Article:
If you checked in with Irving Berlin around 1927, he would insist that you mingle with the Rockefellers only with a cane in your glove as you slip into the ritz. These days, the once-proud cane is no longer a fashion accessory signaling wealth and more of a bogus assignment for Pimp of the Year contestants or cosplayers at Comic-Con.
Still, the author of a comprehensive new dossier on trekking poles suggests they could return to the hands of the stylish. In A visual history of trekking poles and canes, Anthony Moss divides the devices between useful and decorative, while emphasizing that the cane as a stylish status symbol will not be faded into history forever.
Calling his book “the definitive guide to (perhaps) the world’s first fashion accessory,” Moss identifies the mid-19th century as the height of the golden age of the cane in the United States and the United Kingdom. -United.
“From around 1850, a man was considered undressed if he did not carry a cane,” says Moss. “In the Art Nouveau era of 1890-1915, there was a social fashion guideline that dictated that a rustic, knotty wood cane with a leather braid should be worn in the morning, but not used. after 10 a.m. “
According to Moss, the rules of the turn of the previous century on trekking poles got complicated. The gentleman’s peers would question his taste if he showed this rustic cane during the working day. The busy fashion horse would switch to a day cane for business. If a man wanted to be fashion conscious he would “carry” a pistol grip cane with an ivory button. Finally, a theater cane “with a fine and simple ivory knob” would be appropriate for the evening.
Of course, in an era before PETA, none of this was good news for elephants or their tusks. If a man wanted to show off some finesse in style, he could involve an unhappy rhino and win the “ultimate prize” for the rare and expensive horn-handled cane.
“During this period, sculpted heads, circles or opera handles (L-shaped) were passed,” Moss adds. “However, a classic model is still in fashion: the crutch, which can be held firmly or hung on the arm to light a cigarette.”
The author identifies 1915 as the year when the walking stick gradually stopped literally hitting bricks and started hitting bricks culturally.
“The automobile age of 1915 canceled the daily walk in which a cane was usually worn, and the umbrella became king,” he explains. “Although the 1920s were still the age of the walking stick – until the start of World War II – the world was changing. “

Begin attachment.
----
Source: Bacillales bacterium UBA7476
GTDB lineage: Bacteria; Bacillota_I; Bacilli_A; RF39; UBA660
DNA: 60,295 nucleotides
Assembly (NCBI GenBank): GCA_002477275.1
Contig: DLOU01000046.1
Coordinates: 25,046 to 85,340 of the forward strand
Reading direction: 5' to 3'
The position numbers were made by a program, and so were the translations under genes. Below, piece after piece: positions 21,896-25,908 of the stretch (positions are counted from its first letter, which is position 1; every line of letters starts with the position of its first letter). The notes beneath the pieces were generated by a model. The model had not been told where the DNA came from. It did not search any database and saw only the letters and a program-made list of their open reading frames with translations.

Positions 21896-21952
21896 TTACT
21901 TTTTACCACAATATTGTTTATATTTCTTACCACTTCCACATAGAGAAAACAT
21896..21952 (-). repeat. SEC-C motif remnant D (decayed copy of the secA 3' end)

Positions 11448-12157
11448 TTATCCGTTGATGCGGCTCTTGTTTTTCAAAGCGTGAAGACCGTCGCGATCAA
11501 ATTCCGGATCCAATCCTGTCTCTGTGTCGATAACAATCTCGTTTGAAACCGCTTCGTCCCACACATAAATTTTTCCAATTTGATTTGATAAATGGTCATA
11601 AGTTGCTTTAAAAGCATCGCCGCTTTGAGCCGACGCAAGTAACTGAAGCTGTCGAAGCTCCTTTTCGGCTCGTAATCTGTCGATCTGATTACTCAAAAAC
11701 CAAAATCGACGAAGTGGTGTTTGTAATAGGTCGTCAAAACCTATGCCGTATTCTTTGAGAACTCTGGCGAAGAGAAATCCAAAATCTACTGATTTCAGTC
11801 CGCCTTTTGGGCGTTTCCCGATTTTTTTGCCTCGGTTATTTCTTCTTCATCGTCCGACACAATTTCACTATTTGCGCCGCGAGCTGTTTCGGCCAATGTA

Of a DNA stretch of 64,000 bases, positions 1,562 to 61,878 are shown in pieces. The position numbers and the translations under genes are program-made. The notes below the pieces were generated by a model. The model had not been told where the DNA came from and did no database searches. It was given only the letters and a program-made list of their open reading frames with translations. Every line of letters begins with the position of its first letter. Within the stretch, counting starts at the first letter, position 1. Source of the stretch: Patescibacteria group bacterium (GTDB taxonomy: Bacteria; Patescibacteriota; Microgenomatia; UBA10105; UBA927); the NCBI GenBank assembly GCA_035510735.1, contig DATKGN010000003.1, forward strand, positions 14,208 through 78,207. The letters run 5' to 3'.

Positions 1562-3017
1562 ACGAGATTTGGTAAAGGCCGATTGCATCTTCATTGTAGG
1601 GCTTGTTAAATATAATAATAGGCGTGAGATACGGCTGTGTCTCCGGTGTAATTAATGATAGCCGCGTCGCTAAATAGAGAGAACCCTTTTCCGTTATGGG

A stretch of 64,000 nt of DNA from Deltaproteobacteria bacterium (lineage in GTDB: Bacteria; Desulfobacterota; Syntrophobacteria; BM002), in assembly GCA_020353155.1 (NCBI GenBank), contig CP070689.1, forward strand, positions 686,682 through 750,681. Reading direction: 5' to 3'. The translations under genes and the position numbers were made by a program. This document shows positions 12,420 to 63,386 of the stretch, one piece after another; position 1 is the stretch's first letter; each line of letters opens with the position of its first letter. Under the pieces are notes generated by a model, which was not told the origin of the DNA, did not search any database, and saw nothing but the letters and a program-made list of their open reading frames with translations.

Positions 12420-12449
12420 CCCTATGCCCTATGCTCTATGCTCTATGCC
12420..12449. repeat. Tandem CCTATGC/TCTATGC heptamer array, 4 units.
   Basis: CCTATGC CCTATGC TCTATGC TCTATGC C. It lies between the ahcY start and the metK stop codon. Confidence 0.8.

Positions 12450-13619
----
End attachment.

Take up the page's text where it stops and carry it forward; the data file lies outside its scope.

Moss claims that a fashion subculture that keeps the cane alive is a continuation of 17th century dandyism, championed over decades by people like Noël Coward, Andy Warhol and Quentin Crisp.
“Today’s ‘dandy’ or ‘dude’ is stylish, always well dressed and original,” he says. “He forms his manners perfectly, while attaching particular importance to refined language and leisure activities. Many modern dandies still wear a cane to complement their outfit.
Calling himself “a great British dandy,” Robin Dutt is an art curator, writer and lecturer working with The Guardian, Elle, Marie Claire and the BBC World Service. He is currently working on a book exploring the legacy of the dandy.
“A cane is the stylish partner of the night, especially during a visit to the theater or the opera,” says Dutt. “It adds to the sense of the occasion. With the dandy in mind, the cane is an extension of the wearer’s personality, style, intention, and poise.
In defense of the dandy division, Dutt insists that the walking stick has been belittled in the hands of a “pretty gentleman or fat”. He defines them as 18th and 19th century examples of male types who “ape their superiors, but destroyed the effectiveness that any cane could have lent” because of the way it was carried.
“Several fashion and pop videos do indeed associate canes with this ‘pimp’ excess of fur coats and oversized hats and swagger to prove a point,” Dutt adds. “But, the element itself gets lost in the translation. A gentleman will always be a gentleman, no matter how big his purse is. He carries a cane with aplomb and people know that.
Like Moss, Dutt partly blames the umbrella for cutting the cane during regular use.
“Inevitably, time interferes with everything,” he says. “The popularization of the umbrella has a lot to do with the disappearance of the cane because, although special canes could hold a sword, a map, a musical instrument, a watch, a compass or a pile of brandy, it was an artifact to help walk. An umbrella is a dual-purpose cane that provides support and shelter.
In the age of cellphones and smartwatches, Moss wonders if canes could become popular again if they were improved with a little technology.
“In my new book there are many patents for rods and illustrations of versatile rods or gadgets,” he says. “They include torches, musical instruments, music boxes, artist’s watercolor sets, cameras, tools and measuring devices. Thus, miniaturization can easily accommodate tracking devices or music players if there is a market for a modern walking stick.
Citing the decorative and functional identity of the cane, Dutt claims that a pedometer, calorie burn tracker, satellite radio, phone, or other gadgets we use today can fit into the button. a very contemporary cane, perhaps equipped with a light to hail a taxi, a chip to allow purchases or a recording device to dictate a company report or new pages.